My body is a part of me, but I am not my body

February 11, 2015

This past fall I started watching the 16th season of The Biggest Loser, because the show is featuring former athletes as contestants. Many of them were elite in their day including a WNBA player, a Wimbledon finalist, an NFL player, and a three time Softball Olympic Gold Medalist. I watched not because I was shocked that they were there, but because I could relate. Many people assume that if you have been a top athlete that it is easy to stay fit and healthy. However, elite athletes are human, too. We are not immune to the stresses and circumstances of life that make it challenging to stay healthy as life progresses, especially when exercising and performing are no longer part of our job description.

For those of you avid watchers out there, please bear with me. I watched a few episodes over a decade ago and haven’t watched since. As I watched the beginning of the first episode I was reminded why. The first thing that struck me was the shaming. These people were made to stand on a scale in minimal clothing one by one while their fellow contestants and the viewers watch along as their weight is posted on a digital sign larger then life. I realize that this is part of the drama of the show, and that these athletes signed up for this. However, for someone who has struggled with her weight, body image, and an eating disorder this seems to me to be one of the worst things you can do to start a journey towards health.

For many of the athletes, their weight gain can be traced to and associated with a life event that caused them emotional stress such as the death of a spouse or a series of miscarriages. All of the participants’ situations are complex and cannot be reduced to a number on the scale. While the scale provides a tangible and measurable benchmark to track progress and keep score, I feel there are a number of other health markers that could be more beneficial to chart and do not have the stigma that weight has. Furthermore, these athletes are not overweight because they don’t know how to exercise or eat healthy, there is something else going on. Being fit and healthy is so much more than calories in and calories out. As the show goes on we see more of the emotional obstacles and challenges that these athletes are facing, and the process of the show does give them an opportunity to work through these with the help of the trainers.

I sincerely hope that the experiences that these athletes have on the show help them to make the changes in their lives that they are looking for. However, as I watch this, I can’t help but wonder about the way that our society approaches health and fitness, and I question what we may be teaching our children and young athletes.

I gained 30 pounds when I retired from competitive swimming.

I’ve come a long way in my journey toward finding a healthy balance in my life, and I am proud of what I have learned. For me, the biggest change that I struggled to make in my thinking about myself and my body was that while my body is an important part of who I am, I am not my body. When I gained 30 pounds after retiring from competitive swimming (yes, you read that right) I realized that I was still a good person. I was still a good friend. I was still a productive member of my community. Was I as physically healthy as I could have been? No. But was I healthier in other ways than I had been in a long time? Yes.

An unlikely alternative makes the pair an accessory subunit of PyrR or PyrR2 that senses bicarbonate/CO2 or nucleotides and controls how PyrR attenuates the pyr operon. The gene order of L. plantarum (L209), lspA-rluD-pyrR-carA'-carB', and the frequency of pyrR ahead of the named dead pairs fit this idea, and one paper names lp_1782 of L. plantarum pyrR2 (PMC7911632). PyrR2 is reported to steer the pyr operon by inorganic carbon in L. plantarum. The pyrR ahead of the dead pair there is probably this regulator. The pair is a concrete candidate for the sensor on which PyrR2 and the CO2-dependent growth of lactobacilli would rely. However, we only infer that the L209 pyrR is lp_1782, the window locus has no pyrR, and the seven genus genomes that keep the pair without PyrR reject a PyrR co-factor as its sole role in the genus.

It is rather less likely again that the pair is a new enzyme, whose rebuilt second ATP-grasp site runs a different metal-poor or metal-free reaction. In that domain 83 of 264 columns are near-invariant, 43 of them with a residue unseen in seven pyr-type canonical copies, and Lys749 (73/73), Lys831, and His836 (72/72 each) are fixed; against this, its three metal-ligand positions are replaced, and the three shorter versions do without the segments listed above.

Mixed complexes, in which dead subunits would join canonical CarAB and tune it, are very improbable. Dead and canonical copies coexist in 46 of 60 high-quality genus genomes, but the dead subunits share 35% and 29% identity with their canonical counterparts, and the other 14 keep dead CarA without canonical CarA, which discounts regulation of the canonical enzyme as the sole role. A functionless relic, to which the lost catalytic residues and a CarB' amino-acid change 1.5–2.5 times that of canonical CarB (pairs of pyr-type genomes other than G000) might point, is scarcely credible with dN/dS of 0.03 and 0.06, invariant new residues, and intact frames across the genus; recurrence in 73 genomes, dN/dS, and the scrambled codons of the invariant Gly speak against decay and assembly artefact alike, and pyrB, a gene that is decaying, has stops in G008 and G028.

This was groundbreaking for me. As an elite athlete my body was so intertwined with my identity that I equated my swimming performance and my physical appearance with my worth as a human. It sounds funny to write it now, but in our society it is not as hard to do as one might think. I worry that not only do we judge ourselves this way, but we also teach our children to do the same without realizing it.

On the show there is talk of failure, giving up on life, and shame and embarrassment for having gained so much weight. These are amazing and upstanding people! They are not failures. Many talk about getting back to being the athletes they once were. I think that is a mistake.

They shouldn’t be training to get back to where they were, they should be training for and celebrating who they are now! They can and should be exercising in a way that allows them to be the best parent, coach, and professional they can be.

Sure, appearances do matter. There is no way around that. They are one of the ways that people draw conclusions about us, but they are not the only way. I have come to realize that many times if we take care of what is happening on the inside, the outside takes care of itself.

I happily discovered that when I stopped being embarrassed or ashamed of my body regardless of my weight, and when I stopped fighting against my body that I naturally and easily took better care of it. When I realized that my body was not my enemy, but rather my best friend, I could make healthy decisions without feeling deprived instead I feel empowered. When I wasn’t obsessed with how I looked, I was able to enjoy eating, enjoy exercising, and sustain a healthy weight, which allowed me to do all the other things that I enjoy doing.